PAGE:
And while employers may be less enthusiastic about adding more workers to their payrolls, they seem content to keep the workers they already have — falling demand for workers overall is coming primarily through less demand for new workers. After a brief rise early in the year, the overall layoff rate as of September was just 1%, a level that would have represented a record low before the pandemic. There has been a dramatic decline in layoffs over the course of the year in a handful of industries, including Retail Trade. In February 2020, just prior to the onset of the pandemic, the layoff rate for the Retail Trade sector was 1.9%. By September 2023, the latest available data, the layoff rate in Retail had essentially halved, to just 0.9%.
Next year’s outlook will depend not only on the direction of demand for workers — whether it continues to fall or not — but also on the means through which employers reduce that demand. If demand for new hires continues cooling at roughly the same gradual pace as it has throughout 2023, then the labor market can be expected to continue on its current path without a spike in unemployment. But while postings and openings remain elevated relative to historic norms, they are still at a much lower level than recent highs. A further, rapid descent from these lower levels could mean that fewer currently unemployed workers are getting hired, leading to a rise in unemployment.
And a prolonged contraction in overall demand for workers could also mean that employers would start to shed current workers and layoffs would start to mount. Job postings and job openings could fall even more without a large rise in unemployment if employers hoard labor, as many have hypothesized. But that’s uncharted territory for the US labor market. Keeping an eye on not just the growth of job postings and openings, but the level as well, will be important next year.
The labor force is growing, but it can’t defy demographic gravity forever
Most predictions about the future are difficult, but some are relatively easy. Without a tremendous surge in immigration in the next few years, the United States will continue to age. According to projections from the Congressional Budget Office, the share of the working-age population 65 and above will grow from 17.5% in 2023, to 20.9% in 2035. An aging population means the pool of available workers will shrink in the years to come.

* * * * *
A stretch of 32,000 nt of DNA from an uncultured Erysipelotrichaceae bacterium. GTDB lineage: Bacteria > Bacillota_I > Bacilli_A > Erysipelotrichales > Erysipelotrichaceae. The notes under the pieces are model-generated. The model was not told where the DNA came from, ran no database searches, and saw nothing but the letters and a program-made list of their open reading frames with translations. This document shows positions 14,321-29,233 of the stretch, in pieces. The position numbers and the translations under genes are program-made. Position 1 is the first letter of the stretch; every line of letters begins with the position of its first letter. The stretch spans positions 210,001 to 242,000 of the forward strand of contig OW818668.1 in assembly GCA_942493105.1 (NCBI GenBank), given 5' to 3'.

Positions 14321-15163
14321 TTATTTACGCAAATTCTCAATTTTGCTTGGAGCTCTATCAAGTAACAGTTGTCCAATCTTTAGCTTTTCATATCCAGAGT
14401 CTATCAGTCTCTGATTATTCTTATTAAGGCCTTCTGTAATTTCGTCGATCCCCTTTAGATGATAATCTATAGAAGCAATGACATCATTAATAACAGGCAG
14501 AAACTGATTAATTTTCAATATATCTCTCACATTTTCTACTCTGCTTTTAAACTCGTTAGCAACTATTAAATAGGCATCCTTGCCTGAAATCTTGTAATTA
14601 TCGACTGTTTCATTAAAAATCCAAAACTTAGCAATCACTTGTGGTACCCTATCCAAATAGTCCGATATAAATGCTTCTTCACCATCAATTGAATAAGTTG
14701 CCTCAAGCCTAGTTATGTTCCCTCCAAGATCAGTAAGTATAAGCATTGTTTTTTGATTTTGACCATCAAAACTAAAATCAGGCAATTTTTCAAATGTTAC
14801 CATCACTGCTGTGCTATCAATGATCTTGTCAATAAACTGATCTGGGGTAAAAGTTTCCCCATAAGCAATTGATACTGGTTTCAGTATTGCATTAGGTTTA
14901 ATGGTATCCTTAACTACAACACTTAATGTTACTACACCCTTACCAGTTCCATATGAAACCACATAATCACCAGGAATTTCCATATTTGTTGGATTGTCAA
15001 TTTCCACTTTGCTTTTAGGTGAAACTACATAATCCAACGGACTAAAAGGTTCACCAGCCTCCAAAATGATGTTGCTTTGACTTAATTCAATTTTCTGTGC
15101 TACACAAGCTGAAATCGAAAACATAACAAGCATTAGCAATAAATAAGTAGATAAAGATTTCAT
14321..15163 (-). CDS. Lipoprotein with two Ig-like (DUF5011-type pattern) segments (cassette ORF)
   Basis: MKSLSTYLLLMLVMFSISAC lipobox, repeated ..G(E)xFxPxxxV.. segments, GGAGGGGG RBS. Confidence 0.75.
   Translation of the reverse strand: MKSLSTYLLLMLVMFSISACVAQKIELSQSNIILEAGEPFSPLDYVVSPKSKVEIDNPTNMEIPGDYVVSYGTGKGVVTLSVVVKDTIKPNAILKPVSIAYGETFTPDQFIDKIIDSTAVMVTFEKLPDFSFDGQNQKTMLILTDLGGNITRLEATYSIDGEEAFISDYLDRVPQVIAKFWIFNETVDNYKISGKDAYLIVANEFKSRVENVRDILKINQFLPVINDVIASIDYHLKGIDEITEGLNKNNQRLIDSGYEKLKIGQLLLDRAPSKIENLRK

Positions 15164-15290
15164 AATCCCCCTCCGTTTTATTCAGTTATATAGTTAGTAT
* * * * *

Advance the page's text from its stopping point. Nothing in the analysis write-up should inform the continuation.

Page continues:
But over the past year, the labor force has defied these dynamics and grown quite quickly. The US labor force grew by an average of 276,000 people per month through the first 10 months of the year — faster than both the 2021 monthly average of 98,000 workers and the average of 131,000 in the three years prior to the pandemic. If the long-term trend is toward a slower-growing labor force, how was 2023 such a strong year?
In short, the participation rate of prime-age workers, those aged 25-to-54, rose to levels not seen since the early 2000s. As of October, the participation rate for these workers was 83.3%, down from a recent peak of 83.5% the month prior, but still comparable to rates twenty years ago. Consistently high demand for workers has both pulled more people into the labor force, and kept more current participants attached to the job market. A rebound in immigration from depressed pandemic-era flows has boosted prime-age participation as well. Even though foreign-born workers were just 18% of the labor force a year ago, roughly a fourth of the growth in the labor force over the past year has come from foreign-born workers. Short-term strength has managed to push back against the long-term trend. At least for now.
It’s unclear how much longer these short-term boosts to the labor force can continue. While 25-54-year-olds are participating at a rate in the range of what we saw twenty years ago, the current prime-age labor force participation rate is still short of its all-time high of 84.6% reached in January 1999. Even if participation among prime-age workers rose to match that high, and more workers aged 65+ pushed their participation rates to all-time highs, the labor force participation rate would only slightly increase next year, and then stabilize in 2025. After that, the weight of demographics would take over, and the participation rate would start to drop.
One way to counteract this seemingly inevitable slide could be through increased immigration, which may continue to be a meaningful source of workers in the next few years, but likely not a growing one. Foreign interest in job postings on Indeed has picked up since the pandemic and is well above 2019 levels. About 4% of clicks on job postings in the US came from outside the country in September 2023, up from roughly 2% four years prior. However, foreign interest seemingly plateaued over the past year. If interest from job seekers outside the US is any indication, immigration is unlikely to accelerate next year and provide a larger boost to the labor force.